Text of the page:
More quakes hit Chile; president sworn in
A series of strong aftershocks from last month’s devastating quake rocked Chile on Thursday as a new president was sworn into office and immediately urged coastal residents to move to higher ground in case of a tsunami.
The strongest aftershock, with a magnitude of 6.9, was nearly as strong as the quake that devastated Haiti’s capital Jan. 12. There were no immediate reports of damage or injuries.
The Chilean Navy issued a tsunami warning while the U.S. Pacific Tsunami Warning Center said the aftershocks were too small to cause dangerous waves beyond Chile’s central coast.
President Sebastian Pinera was inaugurated at a congressional building in coastal Valparaiso before the building was evacuated as a precaution. The seven aftershocks strongly swayed buildings and sent frightened Chileans streaming into the street.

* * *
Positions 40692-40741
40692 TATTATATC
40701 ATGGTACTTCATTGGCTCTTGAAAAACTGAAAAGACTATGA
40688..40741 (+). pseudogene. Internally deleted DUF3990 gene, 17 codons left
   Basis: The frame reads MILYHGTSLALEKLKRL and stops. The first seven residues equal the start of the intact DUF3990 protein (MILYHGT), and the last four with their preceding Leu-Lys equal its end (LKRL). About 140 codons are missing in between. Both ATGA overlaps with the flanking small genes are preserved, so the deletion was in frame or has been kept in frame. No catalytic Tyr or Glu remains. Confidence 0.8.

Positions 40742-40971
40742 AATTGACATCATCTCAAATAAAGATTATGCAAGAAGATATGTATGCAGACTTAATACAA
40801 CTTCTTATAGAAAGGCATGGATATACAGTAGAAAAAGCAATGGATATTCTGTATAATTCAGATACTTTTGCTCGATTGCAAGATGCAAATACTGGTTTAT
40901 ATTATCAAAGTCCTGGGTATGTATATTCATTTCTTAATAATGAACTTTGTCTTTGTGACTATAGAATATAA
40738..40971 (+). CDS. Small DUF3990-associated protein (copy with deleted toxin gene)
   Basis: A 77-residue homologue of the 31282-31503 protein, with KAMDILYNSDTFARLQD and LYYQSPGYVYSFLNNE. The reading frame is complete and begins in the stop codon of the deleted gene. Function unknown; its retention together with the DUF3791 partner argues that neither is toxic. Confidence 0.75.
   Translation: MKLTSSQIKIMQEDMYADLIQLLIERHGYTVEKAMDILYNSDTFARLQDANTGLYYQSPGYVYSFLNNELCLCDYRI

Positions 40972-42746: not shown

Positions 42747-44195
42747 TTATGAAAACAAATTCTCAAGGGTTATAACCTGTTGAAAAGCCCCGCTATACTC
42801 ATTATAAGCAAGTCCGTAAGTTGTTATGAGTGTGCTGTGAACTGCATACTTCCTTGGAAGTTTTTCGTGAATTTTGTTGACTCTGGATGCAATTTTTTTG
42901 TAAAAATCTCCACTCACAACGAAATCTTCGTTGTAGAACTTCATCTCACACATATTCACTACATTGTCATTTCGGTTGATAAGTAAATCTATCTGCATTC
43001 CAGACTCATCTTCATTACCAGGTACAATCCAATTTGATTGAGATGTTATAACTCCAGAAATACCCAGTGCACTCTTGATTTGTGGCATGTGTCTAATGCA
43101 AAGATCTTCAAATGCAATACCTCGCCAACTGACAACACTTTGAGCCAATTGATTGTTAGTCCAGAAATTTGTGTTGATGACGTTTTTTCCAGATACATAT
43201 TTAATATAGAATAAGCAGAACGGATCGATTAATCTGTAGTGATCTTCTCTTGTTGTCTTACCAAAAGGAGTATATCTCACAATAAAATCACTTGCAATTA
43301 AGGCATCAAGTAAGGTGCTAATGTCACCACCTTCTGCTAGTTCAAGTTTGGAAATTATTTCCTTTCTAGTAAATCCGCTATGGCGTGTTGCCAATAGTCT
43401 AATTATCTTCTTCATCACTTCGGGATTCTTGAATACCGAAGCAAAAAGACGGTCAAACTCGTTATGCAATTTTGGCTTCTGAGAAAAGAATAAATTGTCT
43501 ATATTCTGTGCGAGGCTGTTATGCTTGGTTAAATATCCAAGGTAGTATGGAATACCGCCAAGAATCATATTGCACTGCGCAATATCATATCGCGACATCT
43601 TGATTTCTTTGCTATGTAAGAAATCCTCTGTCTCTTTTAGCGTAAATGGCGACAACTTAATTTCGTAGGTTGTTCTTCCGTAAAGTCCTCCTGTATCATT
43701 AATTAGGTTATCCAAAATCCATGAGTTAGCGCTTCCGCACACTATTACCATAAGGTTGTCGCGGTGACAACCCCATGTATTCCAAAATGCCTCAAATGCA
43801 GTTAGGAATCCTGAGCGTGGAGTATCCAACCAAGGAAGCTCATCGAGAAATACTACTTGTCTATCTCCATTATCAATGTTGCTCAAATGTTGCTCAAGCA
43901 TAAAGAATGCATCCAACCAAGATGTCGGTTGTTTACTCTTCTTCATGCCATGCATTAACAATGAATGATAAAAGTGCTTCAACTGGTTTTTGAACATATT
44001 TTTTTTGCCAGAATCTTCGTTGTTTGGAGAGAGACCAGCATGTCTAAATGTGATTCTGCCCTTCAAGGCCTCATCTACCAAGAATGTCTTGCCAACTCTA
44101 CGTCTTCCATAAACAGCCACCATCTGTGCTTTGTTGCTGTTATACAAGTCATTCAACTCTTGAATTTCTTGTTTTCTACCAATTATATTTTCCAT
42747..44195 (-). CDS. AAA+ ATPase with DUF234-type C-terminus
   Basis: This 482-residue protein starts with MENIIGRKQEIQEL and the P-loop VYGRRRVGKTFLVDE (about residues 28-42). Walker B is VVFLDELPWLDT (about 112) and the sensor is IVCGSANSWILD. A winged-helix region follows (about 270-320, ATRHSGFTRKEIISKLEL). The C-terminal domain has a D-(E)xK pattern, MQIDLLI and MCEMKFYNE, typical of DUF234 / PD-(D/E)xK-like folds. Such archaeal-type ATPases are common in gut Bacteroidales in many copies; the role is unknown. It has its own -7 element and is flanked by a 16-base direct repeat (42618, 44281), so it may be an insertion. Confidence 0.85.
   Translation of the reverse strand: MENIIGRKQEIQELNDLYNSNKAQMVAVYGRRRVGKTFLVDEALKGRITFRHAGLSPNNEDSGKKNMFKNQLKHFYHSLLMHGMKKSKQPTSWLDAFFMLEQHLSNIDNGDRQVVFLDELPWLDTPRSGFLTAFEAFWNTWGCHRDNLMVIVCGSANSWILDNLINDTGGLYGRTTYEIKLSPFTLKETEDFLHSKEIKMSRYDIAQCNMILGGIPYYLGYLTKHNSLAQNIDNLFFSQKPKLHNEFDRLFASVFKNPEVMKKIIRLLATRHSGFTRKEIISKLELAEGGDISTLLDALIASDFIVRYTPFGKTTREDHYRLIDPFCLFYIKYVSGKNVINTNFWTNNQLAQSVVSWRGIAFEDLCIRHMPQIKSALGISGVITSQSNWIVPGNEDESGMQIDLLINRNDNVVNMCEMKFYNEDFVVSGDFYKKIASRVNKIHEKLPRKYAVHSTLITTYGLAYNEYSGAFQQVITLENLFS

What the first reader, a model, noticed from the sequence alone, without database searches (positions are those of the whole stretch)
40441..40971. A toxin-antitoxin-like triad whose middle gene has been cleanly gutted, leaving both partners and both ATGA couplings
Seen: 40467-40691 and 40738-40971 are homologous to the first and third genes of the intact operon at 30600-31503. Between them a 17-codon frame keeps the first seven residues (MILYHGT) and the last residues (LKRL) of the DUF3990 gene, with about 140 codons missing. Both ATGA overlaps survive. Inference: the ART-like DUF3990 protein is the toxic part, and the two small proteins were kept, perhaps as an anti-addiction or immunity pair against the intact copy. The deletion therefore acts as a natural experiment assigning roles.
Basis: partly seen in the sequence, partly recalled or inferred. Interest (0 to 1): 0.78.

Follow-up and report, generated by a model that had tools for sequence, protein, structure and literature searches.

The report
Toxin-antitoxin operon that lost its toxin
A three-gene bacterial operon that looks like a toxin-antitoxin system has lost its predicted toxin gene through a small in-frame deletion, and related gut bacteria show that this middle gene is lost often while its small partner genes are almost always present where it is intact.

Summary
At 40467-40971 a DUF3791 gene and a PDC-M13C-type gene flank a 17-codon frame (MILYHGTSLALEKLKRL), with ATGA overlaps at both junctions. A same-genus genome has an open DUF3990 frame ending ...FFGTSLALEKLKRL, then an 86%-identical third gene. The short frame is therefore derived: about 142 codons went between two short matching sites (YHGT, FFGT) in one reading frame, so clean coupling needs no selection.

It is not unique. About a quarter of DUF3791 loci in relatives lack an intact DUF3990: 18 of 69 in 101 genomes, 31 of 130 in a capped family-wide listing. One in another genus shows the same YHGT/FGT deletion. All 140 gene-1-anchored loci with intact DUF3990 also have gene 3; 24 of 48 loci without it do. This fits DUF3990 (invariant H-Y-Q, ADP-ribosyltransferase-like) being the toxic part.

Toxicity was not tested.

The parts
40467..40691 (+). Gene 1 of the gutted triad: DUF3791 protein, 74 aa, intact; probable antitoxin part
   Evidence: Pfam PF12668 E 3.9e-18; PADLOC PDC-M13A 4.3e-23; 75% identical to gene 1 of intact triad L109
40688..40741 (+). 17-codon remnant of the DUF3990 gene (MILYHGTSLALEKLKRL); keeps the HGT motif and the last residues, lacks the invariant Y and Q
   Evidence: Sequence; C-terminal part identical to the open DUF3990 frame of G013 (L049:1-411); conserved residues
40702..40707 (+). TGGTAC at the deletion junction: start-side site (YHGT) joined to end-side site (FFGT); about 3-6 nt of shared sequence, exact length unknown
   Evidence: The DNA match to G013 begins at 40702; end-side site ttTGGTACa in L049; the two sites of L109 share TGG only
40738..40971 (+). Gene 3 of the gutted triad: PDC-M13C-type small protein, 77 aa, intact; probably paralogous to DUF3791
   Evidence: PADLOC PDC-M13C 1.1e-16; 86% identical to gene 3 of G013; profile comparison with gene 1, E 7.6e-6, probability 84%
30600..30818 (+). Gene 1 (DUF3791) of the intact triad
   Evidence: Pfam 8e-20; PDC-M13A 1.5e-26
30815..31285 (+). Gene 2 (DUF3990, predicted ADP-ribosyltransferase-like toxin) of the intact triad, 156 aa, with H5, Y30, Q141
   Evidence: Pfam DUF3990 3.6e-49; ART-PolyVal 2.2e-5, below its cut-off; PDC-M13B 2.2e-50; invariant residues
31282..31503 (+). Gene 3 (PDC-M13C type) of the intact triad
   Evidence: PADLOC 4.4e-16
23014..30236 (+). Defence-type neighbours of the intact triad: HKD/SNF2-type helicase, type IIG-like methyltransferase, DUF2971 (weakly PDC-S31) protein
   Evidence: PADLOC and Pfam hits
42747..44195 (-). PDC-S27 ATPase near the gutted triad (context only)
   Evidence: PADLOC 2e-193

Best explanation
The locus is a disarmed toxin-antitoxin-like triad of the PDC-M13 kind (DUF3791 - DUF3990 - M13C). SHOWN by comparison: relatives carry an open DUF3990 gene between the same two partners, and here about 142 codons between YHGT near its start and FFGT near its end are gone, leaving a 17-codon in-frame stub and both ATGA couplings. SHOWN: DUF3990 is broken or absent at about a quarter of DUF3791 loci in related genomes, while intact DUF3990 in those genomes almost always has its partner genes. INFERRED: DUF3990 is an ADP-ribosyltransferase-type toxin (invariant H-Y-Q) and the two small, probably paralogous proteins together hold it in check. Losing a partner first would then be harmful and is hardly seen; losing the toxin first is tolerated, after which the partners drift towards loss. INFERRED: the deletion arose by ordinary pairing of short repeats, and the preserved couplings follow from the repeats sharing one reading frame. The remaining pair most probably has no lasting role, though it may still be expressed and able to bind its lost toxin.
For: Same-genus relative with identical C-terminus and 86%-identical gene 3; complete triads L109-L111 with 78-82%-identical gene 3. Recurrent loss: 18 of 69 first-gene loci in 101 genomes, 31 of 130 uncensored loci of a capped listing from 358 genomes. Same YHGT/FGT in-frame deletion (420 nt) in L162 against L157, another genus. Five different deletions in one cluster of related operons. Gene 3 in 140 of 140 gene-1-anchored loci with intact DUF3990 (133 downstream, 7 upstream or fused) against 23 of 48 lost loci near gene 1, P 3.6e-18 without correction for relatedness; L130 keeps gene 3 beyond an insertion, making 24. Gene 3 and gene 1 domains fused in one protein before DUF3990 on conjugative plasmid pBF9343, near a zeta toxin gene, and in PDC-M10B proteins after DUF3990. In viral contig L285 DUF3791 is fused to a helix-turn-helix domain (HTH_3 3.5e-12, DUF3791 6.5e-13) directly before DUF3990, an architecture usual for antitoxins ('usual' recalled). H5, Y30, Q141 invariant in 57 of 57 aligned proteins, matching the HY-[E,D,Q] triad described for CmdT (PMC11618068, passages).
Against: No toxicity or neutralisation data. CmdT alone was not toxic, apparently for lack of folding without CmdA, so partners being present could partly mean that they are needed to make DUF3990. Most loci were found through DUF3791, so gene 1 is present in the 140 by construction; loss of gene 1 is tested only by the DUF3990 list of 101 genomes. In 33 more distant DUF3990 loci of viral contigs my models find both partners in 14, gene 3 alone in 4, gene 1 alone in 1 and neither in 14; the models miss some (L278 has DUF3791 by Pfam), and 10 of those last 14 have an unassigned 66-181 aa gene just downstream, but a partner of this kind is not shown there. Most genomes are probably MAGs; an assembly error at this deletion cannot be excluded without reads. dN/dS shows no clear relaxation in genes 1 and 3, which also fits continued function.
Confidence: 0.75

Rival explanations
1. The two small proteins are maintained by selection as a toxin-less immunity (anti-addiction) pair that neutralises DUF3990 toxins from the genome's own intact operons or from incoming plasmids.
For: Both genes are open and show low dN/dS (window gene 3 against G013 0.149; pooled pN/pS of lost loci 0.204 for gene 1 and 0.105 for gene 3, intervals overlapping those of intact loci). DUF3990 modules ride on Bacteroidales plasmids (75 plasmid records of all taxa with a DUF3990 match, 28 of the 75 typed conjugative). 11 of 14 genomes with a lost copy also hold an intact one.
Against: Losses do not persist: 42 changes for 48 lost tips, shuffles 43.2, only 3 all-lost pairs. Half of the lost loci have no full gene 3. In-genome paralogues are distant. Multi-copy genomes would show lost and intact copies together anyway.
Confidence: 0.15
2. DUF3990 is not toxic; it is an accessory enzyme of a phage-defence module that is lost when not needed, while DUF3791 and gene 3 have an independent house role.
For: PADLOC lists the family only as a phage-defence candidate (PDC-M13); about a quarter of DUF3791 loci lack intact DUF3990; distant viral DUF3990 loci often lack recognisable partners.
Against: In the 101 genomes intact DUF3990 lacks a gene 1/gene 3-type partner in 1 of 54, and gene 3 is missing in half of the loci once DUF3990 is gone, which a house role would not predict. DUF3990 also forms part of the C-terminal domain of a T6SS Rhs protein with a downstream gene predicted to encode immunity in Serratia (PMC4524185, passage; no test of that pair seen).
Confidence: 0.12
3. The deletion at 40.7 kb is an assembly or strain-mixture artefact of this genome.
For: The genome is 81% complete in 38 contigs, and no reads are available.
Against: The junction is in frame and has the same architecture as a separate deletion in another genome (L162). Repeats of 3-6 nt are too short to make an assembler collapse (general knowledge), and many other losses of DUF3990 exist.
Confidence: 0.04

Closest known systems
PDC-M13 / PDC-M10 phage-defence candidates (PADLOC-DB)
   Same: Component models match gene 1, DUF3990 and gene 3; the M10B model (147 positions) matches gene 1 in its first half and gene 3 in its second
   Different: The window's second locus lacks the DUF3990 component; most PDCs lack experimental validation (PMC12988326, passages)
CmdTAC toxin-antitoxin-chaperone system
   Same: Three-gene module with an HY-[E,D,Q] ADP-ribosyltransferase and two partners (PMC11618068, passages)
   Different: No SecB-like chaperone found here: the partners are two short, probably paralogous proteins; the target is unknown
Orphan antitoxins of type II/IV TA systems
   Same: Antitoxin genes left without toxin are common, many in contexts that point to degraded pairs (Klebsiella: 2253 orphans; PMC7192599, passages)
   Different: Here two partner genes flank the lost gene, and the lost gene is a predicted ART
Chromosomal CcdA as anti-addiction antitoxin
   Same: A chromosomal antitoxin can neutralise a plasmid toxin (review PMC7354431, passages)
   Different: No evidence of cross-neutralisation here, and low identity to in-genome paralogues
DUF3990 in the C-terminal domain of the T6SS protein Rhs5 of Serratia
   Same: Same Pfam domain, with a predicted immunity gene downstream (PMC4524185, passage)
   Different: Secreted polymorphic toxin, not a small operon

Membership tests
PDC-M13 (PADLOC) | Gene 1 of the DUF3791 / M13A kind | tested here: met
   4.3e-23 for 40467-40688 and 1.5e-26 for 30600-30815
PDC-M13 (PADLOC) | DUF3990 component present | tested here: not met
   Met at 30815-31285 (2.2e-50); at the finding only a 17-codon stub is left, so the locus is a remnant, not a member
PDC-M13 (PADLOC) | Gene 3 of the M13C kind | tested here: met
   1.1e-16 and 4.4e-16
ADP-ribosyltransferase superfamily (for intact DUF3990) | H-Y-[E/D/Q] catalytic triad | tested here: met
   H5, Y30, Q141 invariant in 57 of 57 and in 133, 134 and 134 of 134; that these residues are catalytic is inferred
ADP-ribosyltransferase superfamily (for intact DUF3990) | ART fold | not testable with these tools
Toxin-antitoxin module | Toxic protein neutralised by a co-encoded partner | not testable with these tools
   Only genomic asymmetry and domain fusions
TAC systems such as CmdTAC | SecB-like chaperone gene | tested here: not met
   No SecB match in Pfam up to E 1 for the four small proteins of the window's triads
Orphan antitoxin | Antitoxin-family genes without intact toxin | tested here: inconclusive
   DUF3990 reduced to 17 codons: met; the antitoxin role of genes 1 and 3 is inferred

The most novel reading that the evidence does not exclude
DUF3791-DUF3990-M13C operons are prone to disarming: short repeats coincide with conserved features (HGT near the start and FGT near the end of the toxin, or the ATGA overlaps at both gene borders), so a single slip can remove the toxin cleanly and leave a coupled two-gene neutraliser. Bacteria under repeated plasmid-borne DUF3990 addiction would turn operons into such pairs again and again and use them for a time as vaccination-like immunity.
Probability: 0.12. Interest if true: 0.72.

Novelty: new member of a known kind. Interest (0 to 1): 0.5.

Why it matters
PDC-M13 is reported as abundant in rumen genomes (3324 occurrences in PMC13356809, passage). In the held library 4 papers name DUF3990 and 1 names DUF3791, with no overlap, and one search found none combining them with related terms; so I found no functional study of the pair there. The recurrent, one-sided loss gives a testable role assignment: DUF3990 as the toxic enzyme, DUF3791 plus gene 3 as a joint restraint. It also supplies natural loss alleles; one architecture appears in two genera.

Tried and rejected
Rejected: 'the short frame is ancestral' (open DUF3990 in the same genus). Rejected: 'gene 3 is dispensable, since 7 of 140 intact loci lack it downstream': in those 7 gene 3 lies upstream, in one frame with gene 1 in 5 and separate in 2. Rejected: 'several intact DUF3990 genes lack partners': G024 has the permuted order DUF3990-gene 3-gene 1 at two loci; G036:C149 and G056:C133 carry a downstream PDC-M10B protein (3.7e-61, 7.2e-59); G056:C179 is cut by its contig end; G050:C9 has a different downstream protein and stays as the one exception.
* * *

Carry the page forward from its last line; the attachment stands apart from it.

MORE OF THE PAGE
The magnitude-6.9 aftershock is the strongest since the Feb. 27, magnitude-8.8 quake. It occurred along the same fault line, said geophysicist Don Blakeman at the U.S. Geological Survey in Golden, Colorado. The USGS initially estimated the aftershock’s magnitude at 7.2.
Pinera said he would go right to work. The billionaire investor, Harvard-trained economist and airline executive planned a working visit Thursday to the coastal city of Constitucion, where the tsunami destroyed the scenic downtown, and a late-night Cabinet session.
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